In recent years, a number of lion cubs have been born at Borås Zoo to the delight of locals and journalists alike. In the zoo, lions seem to enjoy immense popularity, with lion masks and lion toys being sold at the souvenir shop, and the newborn cubs being used in public campaigns. However, the majority of the cubs end up being euthanized, despite being sound as a bell.
Of the thirteen lion cubs born in three litters at Borås Zoo since 2012, only two are alive today. Two died a natural death, whereas the rest were culled as "surplus animals." An entire litter of four lions from March 2012 was subsequently killed in the fall of 2013.
"It is impossible to define a surplus animal, but it is usually an animal that does not fit into a collection for one reason or another," Borås Zoo CEO Bo Kjellson told national broadcaster SVT, stressing that this was part of proper breeding work.
Culling surplus animals is hardly a unique practice, as most Swedish zoos operate in this way, the Swedish Zoo Association reported. The reasons for which an animal may be written off as surplus may include overrepresentation in the breeding program, genetic inferiority and social incompatibility. In 2016, four lions were born at Borås Zoo. Earlier this week, two of them were shipped to England, whereas the other two were killed due to mounting aggression.
"So disgusting that the lion mother has to give birth to kids as a publicity stunt. About time for people to show that it is deceitful and wrong to do so in the name of money. Hope you get much fewer visitors thanks to this," user Susanne Fredlund wrote in SVT's comment section.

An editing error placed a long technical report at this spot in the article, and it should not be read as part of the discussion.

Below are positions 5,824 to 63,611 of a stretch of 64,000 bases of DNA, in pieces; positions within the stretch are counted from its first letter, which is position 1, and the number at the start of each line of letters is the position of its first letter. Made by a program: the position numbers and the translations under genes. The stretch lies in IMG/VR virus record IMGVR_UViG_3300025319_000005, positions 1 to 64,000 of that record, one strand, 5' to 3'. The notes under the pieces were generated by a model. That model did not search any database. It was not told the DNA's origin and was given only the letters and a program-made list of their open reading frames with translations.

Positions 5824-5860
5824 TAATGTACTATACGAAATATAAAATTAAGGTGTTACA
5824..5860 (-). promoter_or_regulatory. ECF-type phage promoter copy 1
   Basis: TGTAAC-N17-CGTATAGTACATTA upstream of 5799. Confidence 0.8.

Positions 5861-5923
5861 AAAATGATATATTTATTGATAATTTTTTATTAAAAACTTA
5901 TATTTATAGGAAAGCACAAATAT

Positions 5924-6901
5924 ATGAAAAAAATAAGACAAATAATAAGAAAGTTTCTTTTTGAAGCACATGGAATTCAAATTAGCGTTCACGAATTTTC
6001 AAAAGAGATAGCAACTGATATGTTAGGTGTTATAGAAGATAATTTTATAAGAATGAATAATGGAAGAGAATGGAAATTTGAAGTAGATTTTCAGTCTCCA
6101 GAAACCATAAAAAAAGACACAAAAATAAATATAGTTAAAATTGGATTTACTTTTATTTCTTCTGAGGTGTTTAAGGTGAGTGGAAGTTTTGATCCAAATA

Helena Pedersen, a researcher in animal studies at the University of Gothenburg, called the practice of utilizing the newborn cubs for profit only to get rid of them at a later stage "cynical."
Forskare: Cyniskt och oetiskt https://t.co/nBI5IBQxWW via @svtnyheter "– Det här med bevarandeuppdraget är en bild som har konstruerats i efterhand för att bemöta kritik" #BoråsDjurpark Borås Djurpark #Borås #Djurpark @jordbruksverket #jordbruksverket @Naturvardsverk #djurensratt— Ylva Matrisse (@YlvaMatrisse) January 10, 2018
Veterinarian Johan Beck-Friis agreed that breeding animal kids to get magnets during the tourist season was "ethically doubtful." At the same time, he argued there was no legal problem whatsoever with killing animals.
"We kill thousands of animals every day at slaughterhouses for those who eat meat products," Johan Beck-Friis told SVT.
Over the past four years, Borås Zoo culled 286 animals, of which 163 were perfectly healthy. Furthermore, 128 didn't even become one year old.
At almost 60 years old, Borås Zoo gets approximately 250,000 visitors a year, representing the focal point of the city's tourist industry. The business's economic impact as a result of tourism is estimated to be at least SEK 40 million (5 million).
The lion is considered a vulnerable species that is critically endangered in several places. Maintaining a viable strain of lion is important to ensure the survival of the species.